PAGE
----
The Institute of Medicine report was issued at the beginning of 2011, which is over six years ago, not today as Dr. Lichtenfeld states. And there have been three clinical trials reported reduced incidence of cancer for those taking vitamin D + calcium.
In the Women's Health Initiative for the 15,646 women (43%) who were not taking personal calcium or vitamin D supplements at randomization, CaD (1 g Ca/400 IU vitamin D daily) significantly decreased the risk of total, breast, and invasive breast cancers by 14-20% and nonsignificantly reduced the risk of colorectal cancer by 17%. In women taking personal calcium or vitamin D supplements, CaD did not alter cancer risk (HR: 1.06-1.26). [Bolland, 2011].
The most recent clinical trial found a marginally insignificant reduced risk of cancer incidence for postmenopausal women taking 2000 IU/d vitamin D3 plus 1.5 g/d calcium, but a significantly reduced incidence rate for those with 25-hydroxyvitamin D [25(OH)D] concentrations >30 ng/mL compared to <30 ng/mL [Lappe, 2017].
There are many problems that plague vitamin D clinical trials. The most important one is that such trials are generally based on the guidelines for pharmaceutical drugs: 1 - the trial is the only source of the agent; and 2 - there is a linear dose-response relationship. Neither assumption is satisfied for vitamin D trials. In a recent analysis it was shown how to evaluate vitamin D clinical trials. In this analysis, the 25(OH)D concentration-incidence relationship for breast cancer based on case-control observational studies was used along with data from three CaD cancer trials. It was shown that the Lappe  trial was slightly under powered due to enrolling only 2300 women with baseline 25(OH)D concentration of 33 ng/mL (which is much higher than the mean population value of 25 ng/mL) and running the trial for four years [Grant, 2017].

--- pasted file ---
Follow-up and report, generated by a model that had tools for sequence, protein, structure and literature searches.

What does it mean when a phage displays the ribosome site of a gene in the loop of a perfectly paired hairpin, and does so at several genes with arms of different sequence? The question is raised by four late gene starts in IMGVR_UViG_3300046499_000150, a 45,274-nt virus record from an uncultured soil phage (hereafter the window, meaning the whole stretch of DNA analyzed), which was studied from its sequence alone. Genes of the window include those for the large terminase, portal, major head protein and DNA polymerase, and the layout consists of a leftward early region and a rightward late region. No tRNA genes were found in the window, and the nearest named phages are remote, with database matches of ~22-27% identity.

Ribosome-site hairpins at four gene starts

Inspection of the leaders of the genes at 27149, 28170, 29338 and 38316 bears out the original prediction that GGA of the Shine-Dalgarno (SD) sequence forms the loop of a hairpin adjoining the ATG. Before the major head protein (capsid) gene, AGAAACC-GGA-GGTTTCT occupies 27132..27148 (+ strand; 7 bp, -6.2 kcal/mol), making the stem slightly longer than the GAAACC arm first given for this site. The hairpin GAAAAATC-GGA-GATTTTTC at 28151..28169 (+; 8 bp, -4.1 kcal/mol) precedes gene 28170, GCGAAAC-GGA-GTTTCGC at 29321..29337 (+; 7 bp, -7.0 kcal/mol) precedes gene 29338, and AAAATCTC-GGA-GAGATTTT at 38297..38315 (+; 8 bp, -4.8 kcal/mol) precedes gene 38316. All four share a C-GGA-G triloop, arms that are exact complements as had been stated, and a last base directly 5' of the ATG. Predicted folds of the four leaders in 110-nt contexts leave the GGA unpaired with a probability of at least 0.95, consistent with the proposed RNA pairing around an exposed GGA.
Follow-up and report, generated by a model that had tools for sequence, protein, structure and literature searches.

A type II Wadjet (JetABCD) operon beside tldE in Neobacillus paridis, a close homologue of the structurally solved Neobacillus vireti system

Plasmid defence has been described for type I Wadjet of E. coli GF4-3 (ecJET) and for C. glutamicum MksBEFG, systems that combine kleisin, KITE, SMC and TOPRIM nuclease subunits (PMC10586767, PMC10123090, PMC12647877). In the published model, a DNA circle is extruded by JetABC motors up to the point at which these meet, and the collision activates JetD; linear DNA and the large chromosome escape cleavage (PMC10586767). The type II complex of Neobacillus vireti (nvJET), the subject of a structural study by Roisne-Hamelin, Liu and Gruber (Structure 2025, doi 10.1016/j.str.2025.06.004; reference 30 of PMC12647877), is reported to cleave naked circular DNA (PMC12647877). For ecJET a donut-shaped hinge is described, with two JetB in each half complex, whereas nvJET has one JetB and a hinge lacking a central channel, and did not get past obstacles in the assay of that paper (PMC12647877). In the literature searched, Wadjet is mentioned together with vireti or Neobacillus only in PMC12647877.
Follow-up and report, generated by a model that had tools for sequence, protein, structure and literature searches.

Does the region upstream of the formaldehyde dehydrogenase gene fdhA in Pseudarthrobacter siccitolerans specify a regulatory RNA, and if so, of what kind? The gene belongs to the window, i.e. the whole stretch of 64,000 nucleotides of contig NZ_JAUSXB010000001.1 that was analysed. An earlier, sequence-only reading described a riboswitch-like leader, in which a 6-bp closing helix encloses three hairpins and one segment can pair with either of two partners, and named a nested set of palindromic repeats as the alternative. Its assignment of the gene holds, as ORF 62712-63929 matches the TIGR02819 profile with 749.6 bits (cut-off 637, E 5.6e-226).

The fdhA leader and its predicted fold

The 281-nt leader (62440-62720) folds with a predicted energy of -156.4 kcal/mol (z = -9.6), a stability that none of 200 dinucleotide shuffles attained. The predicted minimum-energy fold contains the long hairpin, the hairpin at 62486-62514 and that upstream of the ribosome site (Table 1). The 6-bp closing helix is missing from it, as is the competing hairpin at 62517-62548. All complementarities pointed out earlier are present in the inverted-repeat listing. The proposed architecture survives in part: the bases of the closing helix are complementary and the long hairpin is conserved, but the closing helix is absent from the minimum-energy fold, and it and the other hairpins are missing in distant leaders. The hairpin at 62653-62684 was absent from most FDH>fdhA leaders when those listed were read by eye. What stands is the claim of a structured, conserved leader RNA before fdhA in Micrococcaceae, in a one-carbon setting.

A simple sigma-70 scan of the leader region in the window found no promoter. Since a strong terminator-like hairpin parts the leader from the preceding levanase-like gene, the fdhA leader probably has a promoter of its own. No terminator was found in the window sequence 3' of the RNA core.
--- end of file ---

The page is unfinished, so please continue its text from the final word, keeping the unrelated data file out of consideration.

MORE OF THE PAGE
When the totality of evidence including from geographical ecological studies with respect to solar UVB doses, the primary source of vitamin D, observational studies, clinical trials, and studies of mechanisms whereby vitamin D reduces risk of cancer incidence and increases survival, it has to be concluded that UVB exposure and vitamin D can greatly reduce the risk of cancer [Grant, 2017].
Bolland MJ, Grey A, Gamble GD, Reid IR. Calcium and vitamin D supplements and health outcomes: a reanalysis of the Women's Health Initiative (WHI) limited-access data set. Am J Clin Nutr. 2011 Oct;94(4):1144-9.
Grant WB. Roles of solar UVB and vitamin D in reducing cancer risk and increasing survival, Anticancer Res. 2016;36(3):1357-1370. http://ar.iiarjournals.org/content/36/3/1357.full.pdf+html
Grant WB, Boucher BJ. Randomized controlled trials of vitamin D and cancer incidence: A modeling study. PLos One. 2017 May 1;12(5):e0176448. https://doi.org/10.1371/journal.pone.0176448
Lappe J, Watson P, Travers-Gustafson D, Recker R, Garland C, Gorham E, Baggerly K, McDonnell SL. Effect of Vitamin D and Calcium Supplementation on Cancer Incidence in Older Women: A Randomized Clinical Trial. JAMA. 2017 Mar 28;317(12):1234-1243.
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